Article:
He added those deliberate actions could include anything from reducing the number of centers to increasing utilization rates to modernizing servers and upgrading equipment and getting more efficiency that way, to eliminating applications.

“Shifting to cloud services is a great way of eliminating data centers and getting to a smaller footprint,” Scott said. “I think what you will see is a balanced approach to this that encourages multiple swim lanes, if you will, of getting more effective and efficient IT in that area and not just a focus on numeric achievement, although that could be one of the things.”

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The push for reducing the number of data centers to achieve cost savings comes from both GAO and Capitol Hill.

David Powner, GAO’s director of IT management issues, told House lawmakers at the Nov. 4 hearing on the Federal IT Acquisition Reform Act that agencies are missing out on saving more than $5 billion by closing another 2,000 data centers.

“[I]n total, the government plans to close about 5,000 centers and save about $8 billion. Mr. chairman, this $8 billion total actually should be much higher since some agencies have low-balled their targets, and not all have new cost estimates in,” Powner said.

Powner said the OMB guidance and the congressional interest through the FITARA comes at a good time. He said there are certain agencies that need to relook at their data center consolidation plans, and others that might need a push from Congress or OMB to reduce their totals.

Scott said it’s important to focus on the total number of data centers, but finding that balanced approach may, in the end, help agencies find more savings and efficiencies.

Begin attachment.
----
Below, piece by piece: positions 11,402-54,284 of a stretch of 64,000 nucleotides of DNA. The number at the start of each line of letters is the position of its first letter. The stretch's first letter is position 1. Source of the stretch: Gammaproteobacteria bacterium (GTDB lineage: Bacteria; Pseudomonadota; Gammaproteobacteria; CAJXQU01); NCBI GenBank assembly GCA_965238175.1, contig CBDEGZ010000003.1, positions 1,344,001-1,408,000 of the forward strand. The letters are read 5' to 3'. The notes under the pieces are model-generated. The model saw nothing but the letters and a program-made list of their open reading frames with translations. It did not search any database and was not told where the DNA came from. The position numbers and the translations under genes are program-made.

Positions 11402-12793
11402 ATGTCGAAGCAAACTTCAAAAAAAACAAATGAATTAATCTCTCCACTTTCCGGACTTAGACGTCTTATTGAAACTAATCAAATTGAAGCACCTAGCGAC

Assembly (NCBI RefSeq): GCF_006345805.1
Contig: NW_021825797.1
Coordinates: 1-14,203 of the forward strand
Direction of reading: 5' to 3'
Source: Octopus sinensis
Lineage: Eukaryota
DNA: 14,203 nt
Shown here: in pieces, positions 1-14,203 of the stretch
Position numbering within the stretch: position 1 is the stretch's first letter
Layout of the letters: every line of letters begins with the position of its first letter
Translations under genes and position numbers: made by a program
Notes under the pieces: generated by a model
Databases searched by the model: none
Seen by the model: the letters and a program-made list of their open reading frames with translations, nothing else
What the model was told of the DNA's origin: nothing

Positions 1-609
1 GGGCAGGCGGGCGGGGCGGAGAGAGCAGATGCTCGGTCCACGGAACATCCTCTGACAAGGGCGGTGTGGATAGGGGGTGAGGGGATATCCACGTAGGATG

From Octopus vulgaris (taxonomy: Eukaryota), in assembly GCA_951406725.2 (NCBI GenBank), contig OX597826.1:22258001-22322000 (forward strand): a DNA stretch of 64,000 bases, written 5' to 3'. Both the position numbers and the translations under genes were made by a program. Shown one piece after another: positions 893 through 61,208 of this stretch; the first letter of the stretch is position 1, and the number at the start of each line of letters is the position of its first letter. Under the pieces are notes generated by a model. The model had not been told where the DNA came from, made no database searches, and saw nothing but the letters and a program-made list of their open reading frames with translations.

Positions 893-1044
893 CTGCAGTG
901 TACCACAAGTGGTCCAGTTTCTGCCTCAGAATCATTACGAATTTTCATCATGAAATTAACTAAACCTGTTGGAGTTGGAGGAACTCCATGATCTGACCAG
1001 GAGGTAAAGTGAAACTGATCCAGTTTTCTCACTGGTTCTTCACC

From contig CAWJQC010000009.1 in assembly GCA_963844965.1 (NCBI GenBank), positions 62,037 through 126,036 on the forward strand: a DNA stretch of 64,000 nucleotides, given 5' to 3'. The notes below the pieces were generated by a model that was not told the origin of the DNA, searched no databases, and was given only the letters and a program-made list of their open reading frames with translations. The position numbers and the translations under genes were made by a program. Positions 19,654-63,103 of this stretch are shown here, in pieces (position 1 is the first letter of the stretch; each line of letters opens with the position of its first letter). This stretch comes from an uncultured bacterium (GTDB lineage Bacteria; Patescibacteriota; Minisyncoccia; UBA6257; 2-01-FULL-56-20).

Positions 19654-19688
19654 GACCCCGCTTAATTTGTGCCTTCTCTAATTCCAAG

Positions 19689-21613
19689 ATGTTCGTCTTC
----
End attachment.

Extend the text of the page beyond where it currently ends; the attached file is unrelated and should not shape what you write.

At the hearing, several members of Congress asked about incentives for agencies to close data centers and keep some or all of the money saved from the reductions.

Scott said OMB is looking at several options to help agencies keep some or all of the money they save.

“I think there is a spectrum. There are a lot of things that can be done in IT that you don’t need additional funding for,” he said. “You can sometimes pay back in the same year, or realize immediate savings by better contracting or by eliminating applications and just shutting them down. And then there are things you do need funding for because you have to go do the right thing while you’re still maintaining the old thing that is costing you a lot of money. There are cases where application replacement doesn’t happen magically, you need to go build the new thing while still operating and maintaining the old thing. At some point you can turn off the old thing that is expensive and costs a lot and realize the savings. But the payback comes further down the road than it does for other kinds of activities. We have to be clear as an IT community that we identify where we need for funds and for what reasons we need them, and where we are going to go after savings where we don’t need additional funding and we can do things all on our own.”